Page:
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Pros: + Easy to use - plug it in
+ Lots of features
+ Makes you think about your toy usage choices
Cons: - Instructions for the energy count function are not clear: You can start and stop the energy count at any time. You do not have to cycle power on the appliance to start the count.
- Fewer electrical details than a similarly-priced Kill-a-Watt
Other Thoughts: Compared to P4400 Kill-a-watt at the same price level: This simple device does most of what the basic P4400 does, but is a little easier to use with its remote display and built-in cost calculator. It also acts as a surge protector and outlet timer (turns off after set time). It does not show the current input V, Pf, A, Hz, which the basic Kill-a-watt does (both show W, KWh).
This device was eye opening for me. I thought that my gadgets were using much MORE power than they actually are. For example, an i5-3570k/GTX650Ti desktop with several disks and a 24" monitor, AP, and 3G extender (all on same UPS) are only using about 150W while running office apps. Even though it's less energy than I thought, it's still burning about $15/month if I leave it on 24/7.
I'd buy again for the Shellshocker $15, but not for $30. The Kill-a-Watt P4490 @ $45 is the best comparison, and offers a few more features.
Pros: When I say SCREAMING deal, I mean loud and great. I bought the Big Jambox which I had for a couple of days and then it bricked during ROM flash. It was nice, but the sound was only OK and not so loud. The JLab Bouncer is much louder and has fuller sound than the jambox. Out of the box, the sound is still a little flat for my taste, but run it with an equalizer to boost the "virtual" space a little (reverb) and punch up the bass a little, and it is awesome. It works GREAT as a Bluetooth speakerphone, with plenty of volume to cover a room with 30 people, and the mic is sensitive enough to pick up someone in the back of the room. At under sixty bucks shipped on holiday special, it was a screaming deal. The USB port for charging your phone is nice, BUT it only charges while the thing is on.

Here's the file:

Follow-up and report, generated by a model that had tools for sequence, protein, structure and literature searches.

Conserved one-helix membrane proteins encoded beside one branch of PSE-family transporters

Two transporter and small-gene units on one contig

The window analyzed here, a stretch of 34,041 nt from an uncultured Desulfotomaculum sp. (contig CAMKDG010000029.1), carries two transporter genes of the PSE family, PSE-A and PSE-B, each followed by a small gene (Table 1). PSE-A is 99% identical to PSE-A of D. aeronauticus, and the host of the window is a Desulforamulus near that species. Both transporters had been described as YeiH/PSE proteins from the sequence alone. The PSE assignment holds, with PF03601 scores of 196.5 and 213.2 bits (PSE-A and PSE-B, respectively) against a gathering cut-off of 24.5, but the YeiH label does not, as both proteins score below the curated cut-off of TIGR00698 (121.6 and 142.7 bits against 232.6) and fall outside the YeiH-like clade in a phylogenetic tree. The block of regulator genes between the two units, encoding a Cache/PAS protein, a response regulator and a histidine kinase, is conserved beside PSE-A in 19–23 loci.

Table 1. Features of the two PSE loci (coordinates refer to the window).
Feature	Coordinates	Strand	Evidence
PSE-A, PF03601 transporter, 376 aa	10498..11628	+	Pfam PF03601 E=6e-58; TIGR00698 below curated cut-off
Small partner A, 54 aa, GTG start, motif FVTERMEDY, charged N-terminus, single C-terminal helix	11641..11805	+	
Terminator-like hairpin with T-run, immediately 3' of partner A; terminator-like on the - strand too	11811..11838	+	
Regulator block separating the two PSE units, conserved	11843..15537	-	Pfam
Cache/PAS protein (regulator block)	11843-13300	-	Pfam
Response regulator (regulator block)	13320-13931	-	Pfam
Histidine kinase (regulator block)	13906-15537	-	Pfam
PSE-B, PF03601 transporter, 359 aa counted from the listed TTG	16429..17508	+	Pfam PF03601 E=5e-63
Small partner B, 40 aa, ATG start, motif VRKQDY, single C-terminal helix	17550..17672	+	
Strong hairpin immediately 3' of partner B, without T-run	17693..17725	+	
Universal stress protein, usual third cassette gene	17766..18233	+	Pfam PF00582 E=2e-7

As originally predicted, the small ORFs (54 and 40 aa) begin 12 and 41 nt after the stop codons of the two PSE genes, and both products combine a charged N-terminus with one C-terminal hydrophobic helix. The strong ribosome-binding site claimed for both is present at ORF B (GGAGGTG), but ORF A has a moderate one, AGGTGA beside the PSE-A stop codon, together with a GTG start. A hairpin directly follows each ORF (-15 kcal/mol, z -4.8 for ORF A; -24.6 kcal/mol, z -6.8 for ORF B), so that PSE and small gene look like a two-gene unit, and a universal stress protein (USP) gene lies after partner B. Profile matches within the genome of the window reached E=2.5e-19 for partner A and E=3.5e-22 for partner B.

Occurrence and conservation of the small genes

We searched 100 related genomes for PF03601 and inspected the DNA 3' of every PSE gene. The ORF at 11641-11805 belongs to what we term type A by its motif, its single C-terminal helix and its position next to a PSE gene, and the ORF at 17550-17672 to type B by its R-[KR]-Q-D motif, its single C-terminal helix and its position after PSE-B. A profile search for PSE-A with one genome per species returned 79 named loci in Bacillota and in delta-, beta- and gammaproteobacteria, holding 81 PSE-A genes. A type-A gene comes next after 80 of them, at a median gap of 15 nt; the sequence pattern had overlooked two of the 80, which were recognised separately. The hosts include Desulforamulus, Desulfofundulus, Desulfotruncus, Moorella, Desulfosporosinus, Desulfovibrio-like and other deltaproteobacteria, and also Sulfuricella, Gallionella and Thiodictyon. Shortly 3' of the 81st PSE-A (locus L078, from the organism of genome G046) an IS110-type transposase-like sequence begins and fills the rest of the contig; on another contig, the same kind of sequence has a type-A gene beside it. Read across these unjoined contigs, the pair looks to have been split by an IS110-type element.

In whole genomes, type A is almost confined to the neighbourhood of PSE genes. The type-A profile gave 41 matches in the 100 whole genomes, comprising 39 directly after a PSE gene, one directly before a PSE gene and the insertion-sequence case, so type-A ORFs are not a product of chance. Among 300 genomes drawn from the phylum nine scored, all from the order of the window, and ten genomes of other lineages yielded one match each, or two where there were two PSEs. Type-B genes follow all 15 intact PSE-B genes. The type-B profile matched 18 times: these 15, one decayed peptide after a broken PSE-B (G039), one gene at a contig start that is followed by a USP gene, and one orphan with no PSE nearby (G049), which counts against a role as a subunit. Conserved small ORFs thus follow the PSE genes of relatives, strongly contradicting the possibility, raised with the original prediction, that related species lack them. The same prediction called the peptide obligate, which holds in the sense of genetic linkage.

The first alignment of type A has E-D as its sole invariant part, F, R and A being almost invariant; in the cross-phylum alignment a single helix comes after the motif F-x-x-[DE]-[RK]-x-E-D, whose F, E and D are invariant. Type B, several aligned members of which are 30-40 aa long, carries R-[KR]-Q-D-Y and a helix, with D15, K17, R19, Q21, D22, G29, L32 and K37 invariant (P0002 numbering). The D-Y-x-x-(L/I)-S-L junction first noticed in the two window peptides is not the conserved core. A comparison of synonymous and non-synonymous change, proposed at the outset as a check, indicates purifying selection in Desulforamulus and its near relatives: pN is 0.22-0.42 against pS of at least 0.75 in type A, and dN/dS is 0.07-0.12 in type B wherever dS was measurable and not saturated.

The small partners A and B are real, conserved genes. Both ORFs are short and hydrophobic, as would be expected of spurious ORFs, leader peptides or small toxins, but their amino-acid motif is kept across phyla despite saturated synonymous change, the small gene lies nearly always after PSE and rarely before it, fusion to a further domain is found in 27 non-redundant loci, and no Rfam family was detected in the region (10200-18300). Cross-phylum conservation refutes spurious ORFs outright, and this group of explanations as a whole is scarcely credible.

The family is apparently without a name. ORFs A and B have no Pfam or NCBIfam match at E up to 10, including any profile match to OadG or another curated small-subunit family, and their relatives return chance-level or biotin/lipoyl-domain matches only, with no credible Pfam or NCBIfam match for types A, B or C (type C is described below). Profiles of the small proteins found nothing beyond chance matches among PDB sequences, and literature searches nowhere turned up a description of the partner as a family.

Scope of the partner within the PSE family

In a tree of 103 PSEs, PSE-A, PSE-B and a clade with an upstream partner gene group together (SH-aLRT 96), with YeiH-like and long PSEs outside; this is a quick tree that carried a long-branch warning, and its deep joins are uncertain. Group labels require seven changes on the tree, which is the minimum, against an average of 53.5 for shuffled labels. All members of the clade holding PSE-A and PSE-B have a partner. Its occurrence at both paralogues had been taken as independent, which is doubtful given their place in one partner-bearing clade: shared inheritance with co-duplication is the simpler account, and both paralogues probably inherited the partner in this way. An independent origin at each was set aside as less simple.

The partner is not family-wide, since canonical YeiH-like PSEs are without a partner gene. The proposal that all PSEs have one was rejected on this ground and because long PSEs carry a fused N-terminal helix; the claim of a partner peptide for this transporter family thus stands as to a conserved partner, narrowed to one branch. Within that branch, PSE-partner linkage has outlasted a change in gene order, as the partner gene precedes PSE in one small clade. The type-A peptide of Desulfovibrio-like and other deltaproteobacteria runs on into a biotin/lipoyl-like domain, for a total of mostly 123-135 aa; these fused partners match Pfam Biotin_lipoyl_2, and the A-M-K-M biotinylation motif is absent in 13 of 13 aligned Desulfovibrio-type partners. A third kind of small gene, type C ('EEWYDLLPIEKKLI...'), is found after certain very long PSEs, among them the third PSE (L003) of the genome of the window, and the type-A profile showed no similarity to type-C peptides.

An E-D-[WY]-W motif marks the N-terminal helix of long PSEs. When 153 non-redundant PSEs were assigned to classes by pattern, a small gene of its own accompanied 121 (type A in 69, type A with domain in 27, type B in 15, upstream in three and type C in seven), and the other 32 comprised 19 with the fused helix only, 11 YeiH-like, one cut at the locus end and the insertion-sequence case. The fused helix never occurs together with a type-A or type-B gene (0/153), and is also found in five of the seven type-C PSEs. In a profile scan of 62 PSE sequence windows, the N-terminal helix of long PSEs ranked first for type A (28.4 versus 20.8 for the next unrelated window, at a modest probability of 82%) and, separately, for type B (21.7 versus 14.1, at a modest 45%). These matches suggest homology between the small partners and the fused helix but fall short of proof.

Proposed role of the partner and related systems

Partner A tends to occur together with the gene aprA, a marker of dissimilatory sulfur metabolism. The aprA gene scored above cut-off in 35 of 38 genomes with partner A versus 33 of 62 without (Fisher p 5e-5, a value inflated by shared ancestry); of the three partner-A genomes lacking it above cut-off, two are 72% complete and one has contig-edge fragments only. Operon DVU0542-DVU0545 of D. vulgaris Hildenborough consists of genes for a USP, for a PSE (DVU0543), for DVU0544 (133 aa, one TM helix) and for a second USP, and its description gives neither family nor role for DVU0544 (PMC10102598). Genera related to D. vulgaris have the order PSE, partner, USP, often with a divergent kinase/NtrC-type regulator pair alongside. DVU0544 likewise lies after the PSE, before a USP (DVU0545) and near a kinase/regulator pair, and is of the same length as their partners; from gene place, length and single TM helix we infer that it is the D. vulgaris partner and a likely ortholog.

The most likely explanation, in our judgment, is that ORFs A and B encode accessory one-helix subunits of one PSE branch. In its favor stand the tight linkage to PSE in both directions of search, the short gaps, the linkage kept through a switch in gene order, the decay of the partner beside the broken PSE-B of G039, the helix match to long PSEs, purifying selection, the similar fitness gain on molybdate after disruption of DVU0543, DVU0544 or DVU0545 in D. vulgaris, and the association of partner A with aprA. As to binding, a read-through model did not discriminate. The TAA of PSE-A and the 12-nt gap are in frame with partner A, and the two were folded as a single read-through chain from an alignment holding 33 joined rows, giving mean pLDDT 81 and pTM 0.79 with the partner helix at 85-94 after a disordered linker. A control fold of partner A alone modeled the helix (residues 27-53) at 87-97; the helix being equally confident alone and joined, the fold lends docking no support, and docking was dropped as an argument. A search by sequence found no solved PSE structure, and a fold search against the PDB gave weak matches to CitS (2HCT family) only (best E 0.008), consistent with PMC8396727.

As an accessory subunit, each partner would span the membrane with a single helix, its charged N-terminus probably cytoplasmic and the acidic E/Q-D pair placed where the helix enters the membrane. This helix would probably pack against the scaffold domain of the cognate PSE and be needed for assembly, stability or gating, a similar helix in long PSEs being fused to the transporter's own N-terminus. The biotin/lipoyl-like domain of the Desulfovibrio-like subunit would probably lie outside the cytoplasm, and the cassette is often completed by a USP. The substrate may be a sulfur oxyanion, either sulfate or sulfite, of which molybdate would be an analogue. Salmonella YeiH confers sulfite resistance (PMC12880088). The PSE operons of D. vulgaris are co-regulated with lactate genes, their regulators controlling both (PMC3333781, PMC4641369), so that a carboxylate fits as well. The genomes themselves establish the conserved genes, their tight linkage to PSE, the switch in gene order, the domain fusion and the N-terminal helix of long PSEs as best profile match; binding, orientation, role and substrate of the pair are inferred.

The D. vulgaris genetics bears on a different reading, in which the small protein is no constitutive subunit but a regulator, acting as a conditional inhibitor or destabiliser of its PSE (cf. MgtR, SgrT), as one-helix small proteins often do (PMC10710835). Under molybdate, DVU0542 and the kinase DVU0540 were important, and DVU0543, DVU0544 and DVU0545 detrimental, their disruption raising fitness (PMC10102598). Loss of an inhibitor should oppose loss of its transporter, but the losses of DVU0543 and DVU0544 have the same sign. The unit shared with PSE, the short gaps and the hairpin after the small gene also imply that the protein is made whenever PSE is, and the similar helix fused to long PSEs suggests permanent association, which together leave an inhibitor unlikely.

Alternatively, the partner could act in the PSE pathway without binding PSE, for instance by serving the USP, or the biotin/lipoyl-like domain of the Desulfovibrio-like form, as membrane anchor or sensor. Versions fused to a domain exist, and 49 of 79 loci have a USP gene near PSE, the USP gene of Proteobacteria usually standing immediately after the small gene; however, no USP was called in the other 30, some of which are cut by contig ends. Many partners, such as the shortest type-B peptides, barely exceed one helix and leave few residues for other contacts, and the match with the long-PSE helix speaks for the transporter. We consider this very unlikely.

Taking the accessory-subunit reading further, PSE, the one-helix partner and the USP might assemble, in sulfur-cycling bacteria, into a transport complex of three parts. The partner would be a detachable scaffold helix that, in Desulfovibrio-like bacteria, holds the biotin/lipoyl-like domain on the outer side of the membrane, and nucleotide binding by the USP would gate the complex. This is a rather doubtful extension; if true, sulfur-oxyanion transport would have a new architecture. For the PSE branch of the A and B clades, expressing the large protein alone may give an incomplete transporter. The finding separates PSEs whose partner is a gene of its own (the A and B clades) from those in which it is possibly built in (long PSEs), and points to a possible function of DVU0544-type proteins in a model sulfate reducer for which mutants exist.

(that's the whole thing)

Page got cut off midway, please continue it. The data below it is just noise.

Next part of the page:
Cons: This thing really needs a handle. It's big enough to give good sound, but a little too big for easy transport in your carry on bag unless you forgo a couple of days of clothes. I wish it could charge or run from USB so that I don't need the extra power brick in the carry on. The power button sticks out and is likely to get turned on while in your carry on. Hopefully nobody turns on their bluetooth while in the plane and starts blasting Britney.
Other Thoughts: Note that the Newegg version has a battery, and the regular retail version does not. Get the Newegg version. My only regret is that I did not buy 2.READ FULL REVIEW
Pros: - Pairs easily with s3
- AA Batt
- Works as described
Cons: - Constantly flashing blue light
- Huge distortion at anything but medium to low volume
- Very flat audio barely better than the phone's built in speaker
- DC input is 5v 1.2A, so it COULD be run with a hot USB charger, so why not make it so?
Other Thoughts: I want to like this, but the sound is really very poor for music. Yes, I know the thing is very small and it can't really provide much bass, but it distorts like crazy at anything above mid volume. You can adjust the phone's volume and the Aura's volume both at mid volume to limit distortion, but then it's not very loud. It's actually a pretty good speaker phone though, since the voice range has enough volume with limited distortion. It would be OK for talk radio and as a speaker phone, but the worst computer speakers sound better. It's an OK buy at <$20, but not at 40, and certainly not MSRP of 129. I might still keep it as a reasonable speaker phone, or, maybe not, since that blinking light drives me crazy.READ FULL REVIEW